Reporter sues major US network over vaccine mandate sacking
US sports network ESPN is being sued by former reporter Allison Williams and ex-producer Beth Faber, who have accused the broadcasting giant of dismissing them in 2021 because they refused to comply with a Covid vaccine mandate.
The pair filed a lawsuit in Connecticut on Wednesday, claiming that ESPN and parent company Disney violated their religious beliefs by rejecting requests to allow them a vaccine exemption.
Williams, who now works at Fox Sports as a college football sideline reporter, states that she initially requested the right not to be vaccinated “on grounds of disability” in August 2021 because she was set to undergo in vitro fertilization.
Williams said she was unable to provide a doctor’s letter to back up her application as medical staff were supposedly “threatened” for doing so. That led Williams to apply for a religious exemption, which was rejected before she left ESPN in October of that year.
Williams argued that she hadn’t received a vaccine since the age of 12 after experiencing “an adverse reaction” to a jab, and that her two-year-old daughter was not vaccinated. According to the lawsuit, Williams’ employers at ESPN and Disney made no efforts to accommodate her offers to work remotely, wear a mask and undergo regular tests as a way around the issue.
At the time of her dismissal, the 38-year-old Williams posted an Instagram video in which she stated she was “morally and ethically not aligned” with the policy of her employers on vaccine mandates for staff. Elsewhere, she told Fox News host Tucker Carlson that vaccine mandates were “unAmerican” and “not what takes place in the land of the free.”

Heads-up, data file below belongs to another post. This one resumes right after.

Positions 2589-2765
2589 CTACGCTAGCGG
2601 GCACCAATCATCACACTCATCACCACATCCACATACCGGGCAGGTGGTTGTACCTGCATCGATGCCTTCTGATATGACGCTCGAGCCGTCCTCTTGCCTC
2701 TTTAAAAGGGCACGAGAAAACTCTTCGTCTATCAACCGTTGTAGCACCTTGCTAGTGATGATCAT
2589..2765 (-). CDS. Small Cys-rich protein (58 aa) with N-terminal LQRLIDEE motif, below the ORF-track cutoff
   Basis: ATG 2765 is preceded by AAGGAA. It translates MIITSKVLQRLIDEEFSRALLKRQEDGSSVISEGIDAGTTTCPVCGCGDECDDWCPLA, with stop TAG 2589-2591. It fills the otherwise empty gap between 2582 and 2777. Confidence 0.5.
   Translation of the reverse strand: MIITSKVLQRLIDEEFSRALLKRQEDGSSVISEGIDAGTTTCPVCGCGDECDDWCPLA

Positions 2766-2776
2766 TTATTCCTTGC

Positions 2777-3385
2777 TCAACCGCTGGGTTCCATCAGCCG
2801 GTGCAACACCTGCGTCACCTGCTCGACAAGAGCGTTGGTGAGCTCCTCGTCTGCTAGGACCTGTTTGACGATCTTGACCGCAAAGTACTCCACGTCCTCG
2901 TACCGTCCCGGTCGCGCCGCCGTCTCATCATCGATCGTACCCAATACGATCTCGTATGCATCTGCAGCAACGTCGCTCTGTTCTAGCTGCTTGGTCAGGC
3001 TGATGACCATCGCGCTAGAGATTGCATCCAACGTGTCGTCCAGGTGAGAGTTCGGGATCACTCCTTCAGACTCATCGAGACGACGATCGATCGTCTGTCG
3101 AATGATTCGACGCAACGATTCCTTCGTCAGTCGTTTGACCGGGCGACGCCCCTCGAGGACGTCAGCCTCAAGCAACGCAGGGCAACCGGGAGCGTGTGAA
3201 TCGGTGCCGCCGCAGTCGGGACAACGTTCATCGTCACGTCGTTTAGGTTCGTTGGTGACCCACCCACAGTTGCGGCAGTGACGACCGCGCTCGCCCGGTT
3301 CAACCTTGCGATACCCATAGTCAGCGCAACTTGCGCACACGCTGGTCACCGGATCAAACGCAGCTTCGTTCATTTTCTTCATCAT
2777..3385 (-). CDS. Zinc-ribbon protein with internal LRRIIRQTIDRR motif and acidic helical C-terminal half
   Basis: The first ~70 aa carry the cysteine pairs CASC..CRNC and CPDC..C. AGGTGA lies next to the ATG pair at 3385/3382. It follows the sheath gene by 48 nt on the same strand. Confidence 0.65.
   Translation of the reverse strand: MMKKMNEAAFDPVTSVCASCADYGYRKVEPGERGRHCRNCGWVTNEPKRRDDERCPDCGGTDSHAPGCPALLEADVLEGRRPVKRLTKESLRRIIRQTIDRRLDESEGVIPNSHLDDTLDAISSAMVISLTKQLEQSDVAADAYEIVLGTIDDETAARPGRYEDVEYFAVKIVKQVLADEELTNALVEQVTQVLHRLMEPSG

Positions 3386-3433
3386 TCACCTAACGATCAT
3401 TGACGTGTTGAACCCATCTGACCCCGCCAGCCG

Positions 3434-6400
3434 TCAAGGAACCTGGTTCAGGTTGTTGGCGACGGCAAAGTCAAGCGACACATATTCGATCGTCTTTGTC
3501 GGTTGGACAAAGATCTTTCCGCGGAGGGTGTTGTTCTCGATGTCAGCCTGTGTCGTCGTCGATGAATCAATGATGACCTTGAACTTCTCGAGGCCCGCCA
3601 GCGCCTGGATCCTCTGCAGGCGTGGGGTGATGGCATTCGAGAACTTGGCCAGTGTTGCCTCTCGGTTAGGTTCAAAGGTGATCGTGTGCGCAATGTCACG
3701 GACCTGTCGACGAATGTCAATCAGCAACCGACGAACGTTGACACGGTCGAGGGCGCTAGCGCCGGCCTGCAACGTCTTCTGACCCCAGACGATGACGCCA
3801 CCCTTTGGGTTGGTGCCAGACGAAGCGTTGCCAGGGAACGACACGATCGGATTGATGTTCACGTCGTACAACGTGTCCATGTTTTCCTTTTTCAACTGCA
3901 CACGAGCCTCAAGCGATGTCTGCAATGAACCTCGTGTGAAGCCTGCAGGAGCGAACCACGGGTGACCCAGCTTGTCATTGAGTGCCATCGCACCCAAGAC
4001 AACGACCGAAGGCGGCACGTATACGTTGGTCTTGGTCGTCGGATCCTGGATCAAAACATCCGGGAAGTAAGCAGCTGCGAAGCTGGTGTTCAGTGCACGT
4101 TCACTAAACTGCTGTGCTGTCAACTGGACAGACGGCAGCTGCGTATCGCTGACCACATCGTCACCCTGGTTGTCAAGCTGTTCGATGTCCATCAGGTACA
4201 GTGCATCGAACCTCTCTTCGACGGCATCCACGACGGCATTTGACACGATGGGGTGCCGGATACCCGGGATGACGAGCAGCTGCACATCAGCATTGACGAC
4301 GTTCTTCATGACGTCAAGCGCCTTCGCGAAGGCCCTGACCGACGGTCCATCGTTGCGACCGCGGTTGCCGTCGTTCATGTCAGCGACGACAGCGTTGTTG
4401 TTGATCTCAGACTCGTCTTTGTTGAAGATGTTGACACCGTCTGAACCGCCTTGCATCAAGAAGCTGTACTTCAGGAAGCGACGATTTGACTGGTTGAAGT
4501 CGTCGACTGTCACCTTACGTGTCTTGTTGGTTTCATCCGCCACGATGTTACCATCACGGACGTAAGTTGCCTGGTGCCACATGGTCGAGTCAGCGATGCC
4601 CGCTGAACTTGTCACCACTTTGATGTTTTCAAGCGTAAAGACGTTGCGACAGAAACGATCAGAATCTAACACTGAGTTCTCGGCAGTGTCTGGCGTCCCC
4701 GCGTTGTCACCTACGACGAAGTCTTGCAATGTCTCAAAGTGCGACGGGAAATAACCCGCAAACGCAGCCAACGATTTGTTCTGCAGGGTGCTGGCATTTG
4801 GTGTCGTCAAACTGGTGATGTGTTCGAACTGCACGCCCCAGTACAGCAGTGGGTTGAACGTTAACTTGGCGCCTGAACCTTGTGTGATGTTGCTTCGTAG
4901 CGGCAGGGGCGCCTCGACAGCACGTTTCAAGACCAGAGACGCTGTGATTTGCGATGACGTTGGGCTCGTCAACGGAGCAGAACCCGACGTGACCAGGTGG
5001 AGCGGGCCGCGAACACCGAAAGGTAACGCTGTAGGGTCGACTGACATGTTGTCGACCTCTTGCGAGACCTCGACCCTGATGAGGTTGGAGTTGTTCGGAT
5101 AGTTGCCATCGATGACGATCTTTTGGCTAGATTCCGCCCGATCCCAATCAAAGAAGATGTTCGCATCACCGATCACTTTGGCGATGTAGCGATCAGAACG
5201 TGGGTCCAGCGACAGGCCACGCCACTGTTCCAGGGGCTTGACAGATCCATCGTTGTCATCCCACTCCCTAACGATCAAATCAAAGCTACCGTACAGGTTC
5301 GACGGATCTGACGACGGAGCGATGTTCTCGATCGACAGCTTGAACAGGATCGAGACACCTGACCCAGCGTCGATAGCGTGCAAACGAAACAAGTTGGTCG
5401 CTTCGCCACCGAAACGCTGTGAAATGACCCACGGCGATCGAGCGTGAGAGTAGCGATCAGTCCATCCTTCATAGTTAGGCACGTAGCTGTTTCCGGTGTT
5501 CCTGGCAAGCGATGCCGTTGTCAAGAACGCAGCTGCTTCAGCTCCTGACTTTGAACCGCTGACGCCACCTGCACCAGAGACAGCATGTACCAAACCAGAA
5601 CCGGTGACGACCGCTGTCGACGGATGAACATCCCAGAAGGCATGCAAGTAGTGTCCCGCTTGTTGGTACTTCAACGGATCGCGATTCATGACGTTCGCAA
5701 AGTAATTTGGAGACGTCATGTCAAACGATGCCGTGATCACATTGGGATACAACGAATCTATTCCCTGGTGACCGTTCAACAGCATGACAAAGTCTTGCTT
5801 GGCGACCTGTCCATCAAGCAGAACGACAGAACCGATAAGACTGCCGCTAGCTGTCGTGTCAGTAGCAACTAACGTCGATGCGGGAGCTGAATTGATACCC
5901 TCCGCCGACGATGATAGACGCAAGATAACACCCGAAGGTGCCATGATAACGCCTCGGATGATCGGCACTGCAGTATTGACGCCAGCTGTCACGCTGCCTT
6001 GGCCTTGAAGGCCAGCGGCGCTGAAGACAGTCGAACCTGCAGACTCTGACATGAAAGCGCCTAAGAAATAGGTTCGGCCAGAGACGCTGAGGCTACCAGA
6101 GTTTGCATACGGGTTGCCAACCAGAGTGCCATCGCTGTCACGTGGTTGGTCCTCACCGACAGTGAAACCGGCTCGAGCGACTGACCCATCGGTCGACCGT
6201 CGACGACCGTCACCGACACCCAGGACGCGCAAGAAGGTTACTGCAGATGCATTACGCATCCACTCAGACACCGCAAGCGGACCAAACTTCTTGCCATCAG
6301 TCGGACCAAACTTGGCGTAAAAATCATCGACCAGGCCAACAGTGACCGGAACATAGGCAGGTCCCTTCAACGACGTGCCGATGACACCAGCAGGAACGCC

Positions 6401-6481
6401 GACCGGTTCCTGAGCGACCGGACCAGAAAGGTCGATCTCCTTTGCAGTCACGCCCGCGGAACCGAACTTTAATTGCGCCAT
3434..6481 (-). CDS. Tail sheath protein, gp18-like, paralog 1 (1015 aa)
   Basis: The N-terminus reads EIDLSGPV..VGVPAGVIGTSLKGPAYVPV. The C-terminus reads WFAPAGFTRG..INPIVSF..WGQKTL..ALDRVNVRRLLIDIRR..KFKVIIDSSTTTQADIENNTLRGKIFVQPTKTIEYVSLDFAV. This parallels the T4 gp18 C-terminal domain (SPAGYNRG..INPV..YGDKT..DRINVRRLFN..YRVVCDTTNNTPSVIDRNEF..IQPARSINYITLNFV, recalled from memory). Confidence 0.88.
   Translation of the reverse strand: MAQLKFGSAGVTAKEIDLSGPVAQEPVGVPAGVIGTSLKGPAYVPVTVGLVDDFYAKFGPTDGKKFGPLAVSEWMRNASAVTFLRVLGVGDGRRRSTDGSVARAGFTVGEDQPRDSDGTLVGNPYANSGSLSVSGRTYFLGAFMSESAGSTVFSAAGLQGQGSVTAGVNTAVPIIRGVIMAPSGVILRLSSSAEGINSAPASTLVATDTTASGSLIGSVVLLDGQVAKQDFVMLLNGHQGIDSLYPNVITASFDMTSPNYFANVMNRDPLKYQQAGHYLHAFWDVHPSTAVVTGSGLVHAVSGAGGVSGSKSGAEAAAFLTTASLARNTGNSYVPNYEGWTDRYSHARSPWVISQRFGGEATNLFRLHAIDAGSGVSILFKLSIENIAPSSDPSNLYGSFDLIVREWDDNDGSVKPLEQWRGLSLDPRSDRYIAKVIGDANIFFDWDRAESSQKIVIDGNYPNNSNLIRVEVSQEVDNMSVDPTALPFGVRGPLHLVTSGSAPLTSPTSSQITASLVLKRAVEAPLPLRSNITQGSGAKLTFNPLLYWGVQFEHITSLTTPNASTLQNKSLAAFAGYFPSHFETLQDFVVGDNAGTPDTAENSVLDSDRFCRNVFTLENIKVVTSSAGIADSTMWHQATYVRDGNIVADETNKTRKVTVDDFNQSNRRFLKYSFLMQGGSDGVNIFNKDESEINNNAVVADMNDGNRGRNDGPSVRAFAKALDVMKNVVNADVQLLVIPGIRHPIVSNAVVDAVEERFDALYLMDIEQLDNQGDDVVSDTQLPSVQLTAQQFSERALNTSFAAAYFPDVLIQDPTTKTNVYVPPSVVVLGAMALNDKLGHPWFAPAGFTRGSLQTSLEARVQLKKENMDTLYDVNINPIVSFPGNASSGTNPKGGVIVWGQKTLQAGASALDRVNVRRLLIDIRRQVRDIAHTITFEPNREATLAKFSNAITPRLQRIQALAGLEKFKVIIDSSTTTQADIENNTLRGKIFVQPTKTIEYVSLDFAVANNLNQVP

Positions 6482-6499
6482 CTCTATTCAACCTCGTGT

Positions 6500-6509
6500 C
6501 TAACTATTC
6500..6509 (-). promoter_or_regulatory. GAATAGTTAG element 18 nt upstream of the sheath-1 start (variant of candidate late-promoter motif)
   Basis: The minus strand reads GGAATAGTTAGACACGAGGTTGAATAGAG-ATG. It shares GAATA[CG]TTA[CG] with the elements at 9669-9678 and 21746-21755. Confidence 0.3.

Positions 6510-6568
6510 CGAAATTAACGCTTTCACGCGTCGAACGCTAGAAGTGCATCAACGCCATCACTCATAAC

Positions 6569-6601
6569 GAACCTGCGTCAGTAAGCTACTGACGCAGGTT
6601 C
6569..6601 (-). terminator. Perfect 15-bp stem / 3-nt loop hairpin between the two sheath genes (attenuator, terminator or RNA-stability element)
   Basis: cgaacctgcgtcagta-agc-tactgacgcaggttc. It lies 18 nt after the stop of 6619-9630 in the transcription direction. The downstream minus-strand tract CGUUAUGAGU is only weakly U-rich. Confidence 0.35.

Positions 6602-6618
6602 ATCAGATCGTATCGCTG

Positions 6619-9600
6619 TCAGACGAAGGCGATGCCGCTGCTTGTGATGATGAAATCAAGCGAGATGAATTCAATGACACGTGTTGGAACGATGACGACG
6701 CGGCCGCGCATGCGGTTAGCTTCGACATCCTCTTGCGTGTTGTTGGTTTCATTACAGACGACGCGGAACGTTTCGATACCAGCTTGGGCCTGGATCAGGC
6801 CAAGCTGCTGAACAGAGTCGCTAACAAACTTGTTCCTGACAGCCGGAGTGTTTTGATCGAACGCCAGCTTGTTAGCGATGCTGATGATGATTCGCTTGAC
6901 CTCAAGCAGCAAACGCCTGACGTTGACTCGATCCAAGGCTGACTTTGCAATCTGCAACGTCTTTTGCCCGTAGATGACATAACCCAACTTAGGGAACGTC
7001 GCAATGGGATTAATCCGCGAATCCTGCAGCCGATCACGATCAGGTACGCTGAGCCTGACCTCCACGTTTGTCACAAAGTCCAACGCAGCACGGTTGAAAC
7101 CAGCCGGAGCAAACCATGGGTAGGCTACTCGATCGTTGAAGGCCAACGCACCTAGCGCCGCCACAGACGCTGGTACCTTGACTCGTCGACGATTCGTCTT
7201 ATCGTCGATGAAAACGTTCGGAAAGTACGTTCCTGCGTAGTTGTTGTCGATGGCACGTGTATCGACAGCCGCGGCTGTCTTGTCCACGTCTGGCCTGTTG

After leaving ESPN, Williams welcomed her second child in July of last year and announced in August that she would be joining Fox Sports.
As part of the same lawsuit filed this week, former ESPN producer Faber – who spent almost 31 years at the network before leaving in September 2021 – similarly argued that her rights had been violated after a request for a religious exemption from vaccination was declined.
According to the 83-page lawsuit, Williams and Faber are seeking “compensatory damages, back and front pay, reputational damages, damages for emotional trauma and distress, punitive damages, reasonable attorneys’ fees and costs of the action, pre- and post-judgment interest.”
In a further aspect to the case, the lawsuit from Williams and Faber alleges that there is an “intertwined” relationship between Disney and the US Defense Department, and that the latter exercises editorial control over Disney’s content. “That control does not stop at content but extends to direct, indirect and covert encouragement as it pertains to policies and practices, such as vaccination requirements,” it claimed.